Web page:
|Publication number||US5973672 A|
|Application number||US 08/731,354|
|Publication date||Oct 26, 1999|
|Filing date||Oct 15, 1996|
|Priority date||Oct 15, 1996|
|Publication number||08731354, 731354, US 5973672 A, US 5973672A, US-A-5973672, US5973672 A, US5973672A|
|Inventors||Jason Rice, Larri A. Rosser|
|Original Assignee||Raytheon Company|
|Export Citation||BiBTeX, EndNote, RefMan|
|Patent Citations (11), Referenced by (27), Classifications (6), Legal Events (8)|
|External Links: USPTO, USPTO Assignment, Espacenet|
The disclosed invention is directed generally to a multiple participant interactive interface system, and more particularly to a wireless multiple participant interactive interface system.
Multiple participant interactive systems are utilized in applications such as group training, group surveys, group interactive games, and interactive theater wherein inputs are required from each individual of a large group of persons. Known multiple participant interactive systems typically include wired participant input devices such as keyboards and joysticks. Considerations with such wired participant input devices include costly interface electronics, bandwidth limitations that lead to sluggish feedback, hard limits on the number of participants, and limitations on the physical location of participants. Moreover, input devices such as keyboards and joysticks are subject to failure, do not inherently provide participant actuator positional feedback, and require participant learning for efficient operation.
It would therefore be an advantage to provide a wireless multiple participant interactive interface system.
Another advantage would be to provide a wireless multiple participant interactive interface system that does not require complex input device interfaces.
Still another advantage would be to provide a wireless multiple participant interactive interface system that utilizes input devices that are easy to use.
The foregoing and other advantages are provided by the invention in a multiple participant interactive system that includes a projection screen, a projector for projecting polarized light onto the imaging surface to produce a visible image on the imaging surface, a plurality of light pointers for projecting respective non-polarized beams of light onto the projection screen to produce visible spots on the projection screen, a video detector (17) for detecting the visible spots on the projection screen and providing a video output that represents the visible spots on the projection screen, a computer for processing the video output of the video detector, and a video sources which is controlled by the computer and provides a video input to the projector.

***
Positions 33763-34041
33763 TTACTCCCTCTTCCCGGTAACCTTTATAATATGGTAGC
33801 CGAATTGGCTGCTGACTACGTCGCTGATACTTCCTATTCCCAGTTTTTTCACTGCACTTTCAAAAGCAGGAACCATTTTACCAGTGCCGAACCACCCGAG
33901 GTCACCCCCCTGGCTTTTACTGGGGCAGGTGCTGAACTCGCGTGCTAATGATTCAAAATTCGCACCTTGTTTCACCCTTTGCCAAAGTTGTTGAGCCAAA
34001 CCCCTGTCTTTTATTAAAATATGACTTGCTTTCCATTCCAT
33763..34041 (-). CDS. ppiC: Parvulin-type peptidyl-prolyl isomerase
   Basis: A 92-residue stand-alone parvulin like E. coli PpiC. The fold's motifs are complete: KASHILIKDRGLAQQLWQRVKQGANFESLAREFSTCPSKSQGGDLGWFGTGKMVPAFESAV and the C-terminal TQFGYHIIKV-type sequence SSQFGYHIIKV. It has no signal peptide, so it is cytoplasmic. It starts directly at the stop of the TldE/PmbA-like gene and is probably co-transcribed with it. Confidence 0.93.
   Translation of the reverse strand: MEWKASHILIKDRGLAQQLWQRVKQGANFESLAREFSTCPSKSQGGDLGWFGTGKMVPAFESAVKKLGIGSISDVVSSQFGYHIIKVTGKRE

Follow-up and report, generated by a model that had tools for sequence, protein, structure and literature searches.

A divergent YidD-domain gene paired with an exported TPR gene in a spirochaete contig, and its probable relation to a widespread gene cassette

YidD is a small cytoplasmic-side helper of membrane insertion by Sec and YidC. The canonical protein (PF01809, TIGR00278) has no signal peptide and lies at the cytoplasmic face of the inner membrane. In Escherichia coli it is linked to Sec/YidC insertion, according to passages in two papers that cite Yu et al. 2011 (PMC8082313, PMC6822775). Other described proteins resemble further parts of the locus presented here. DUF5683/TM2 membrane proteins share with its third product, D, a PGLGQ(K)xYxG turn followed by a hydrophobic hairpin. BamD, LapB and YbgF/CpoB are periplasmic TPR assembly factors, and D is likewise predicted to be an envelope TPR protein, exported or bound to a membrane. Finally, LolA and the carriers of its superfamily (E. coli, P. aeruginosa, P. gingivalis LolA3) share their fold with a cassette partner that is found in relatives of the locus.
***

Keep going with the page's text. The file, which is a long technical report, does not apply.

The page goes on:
The advantages and features of the disclosed invention will readily be appreciated by persons skilled in the art from the following detailed description when read in conjunction with the drawing wherein:
FIG. 1 sets forth a schematic block diagram of a multiple participant interactive interface system in accordance with the invention.
Referring now to FIG. 1, set forth therein is a schematic block diagram of a multiple participant interactive interface system in accordance with the invention. The multiple participant interactive interface system includes a projection screen 11, and a projector 13 for projecting polarized imaging light to the projection screen 11 so as to produce a visible image on the projection screen, wherein the visible image is a reflection of the polarized imaging light and is polarized. By way of illustrative example, the projector 13 comprises a high brightness LCD projector such as a commercially available high intensity Hughes/JVC Lightvalve LCD projector. A plurality of participant manipulated light pointers 15 are utilized by participants to project narrow, focused non-polarized beams of light to the projection screen 11 so as to produce respective visible illuminated spots 16 on the projection screen which are non-polarized reflections of the non-polarized beams. The light pointers 15 can be of different color lights outputs.